Financial Advice for the 30-Something
Last year I wrote a blog post called “Financial Advice for the 20-Something.” I thought it time to follow-up with a post for all you “30-Somethings” out there.
You probably have a lot going on. Your career is a bit more established and your personal life may be getting more complex as marriage and kids have entered the picture. You (hopefully) are no longer living paycheck-to-paycheck, but aren’t sure what to do with your extra cash. When you have kids, debt (either student loans or credit card), and your retirement to fund, where is the best place to put your money to work? Someone keeps calling you about buying an annuity or whole life insurance policy. Should you listen to what they have to say?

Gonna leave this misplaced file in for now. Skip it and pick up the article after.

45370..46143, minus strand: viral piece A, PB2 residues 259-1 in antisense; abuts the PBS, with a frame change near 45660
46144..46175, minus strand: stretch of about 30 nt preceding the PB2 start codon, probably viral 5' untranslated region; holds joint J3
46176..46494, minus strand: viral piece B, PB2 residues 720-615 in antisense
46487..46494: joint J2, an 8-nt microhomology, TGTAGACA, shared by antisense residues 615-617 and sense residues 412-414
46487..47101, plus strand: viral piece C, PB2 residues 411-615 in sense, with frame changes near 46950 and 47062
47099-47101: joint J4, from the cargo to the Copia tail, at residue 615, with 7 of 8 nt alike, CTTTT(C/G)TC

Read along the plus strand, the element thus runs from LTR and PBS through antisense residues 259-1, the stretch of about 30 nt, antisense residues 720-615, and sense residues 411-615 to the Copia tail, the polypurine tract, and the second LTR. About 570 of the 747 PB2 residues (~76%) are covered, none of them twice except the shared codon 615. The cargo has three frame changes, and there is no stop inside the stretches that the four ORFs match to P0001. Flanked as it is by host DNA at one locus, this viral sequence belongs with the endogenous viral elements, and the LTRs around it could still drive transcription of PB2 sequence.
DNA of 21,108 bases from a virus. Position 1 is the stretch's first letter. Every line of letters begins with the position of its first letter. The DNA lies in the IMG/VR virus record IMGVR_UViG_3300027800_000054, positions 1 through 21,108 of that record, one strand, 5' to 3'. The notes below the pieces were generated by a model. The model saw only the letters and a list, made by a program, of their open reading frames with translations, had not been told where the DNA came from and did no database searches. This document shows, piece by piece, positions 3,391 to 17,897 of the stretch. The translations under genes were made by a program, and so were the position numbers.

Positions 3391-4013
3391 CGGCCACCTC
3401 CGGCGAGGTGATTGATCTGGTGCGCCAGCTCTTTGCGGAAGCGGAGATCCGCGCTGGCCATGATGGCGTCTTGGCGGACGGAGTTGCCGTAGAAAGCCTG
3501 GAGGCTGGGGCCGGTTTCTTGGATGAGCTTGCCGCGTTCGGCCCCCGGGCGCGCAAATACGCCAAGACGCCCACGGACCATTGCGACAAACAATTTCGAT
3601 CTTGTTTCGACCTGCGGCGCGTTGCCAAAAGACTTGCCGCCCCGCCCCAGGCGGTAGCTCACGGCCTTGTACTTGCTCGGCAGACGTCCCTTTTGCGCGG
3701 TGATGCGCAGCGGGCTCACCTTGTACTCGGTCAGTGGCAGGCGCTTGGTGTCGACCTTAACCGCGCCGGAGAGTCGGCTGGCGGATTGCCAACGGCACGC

As a general rule, it’s good to put 50% of your paycheck toward paying your necessities (all types of insurance is included here), 30% toward paying for your wants (like cable, dining out, and travel), and 20% toward savings (including paying down debt).
If you’re rolling in it, you may be able to contribute to all the items on my list below. However, if you have to prioritize where to invest your limited resources, you may want to review my comments on each item then decide what works best for you.
- Life Insurance- If someone’s depending on your salary (i.e. kids, elderly parents, or spouse) consider buying term life insurance. It’s relatively cheap and you’re less likely to have health issues now that may prevent you from being insurable later in life. If you have kids, this is a must. At a minimum, have enough coverage to pay for their expenses until age 18. Regarding whole life policies or annuities...they tend to combine life insurance with investing and charge a high fee to do so. Instead, just buy term life insurance and invest the rest of your money on your own.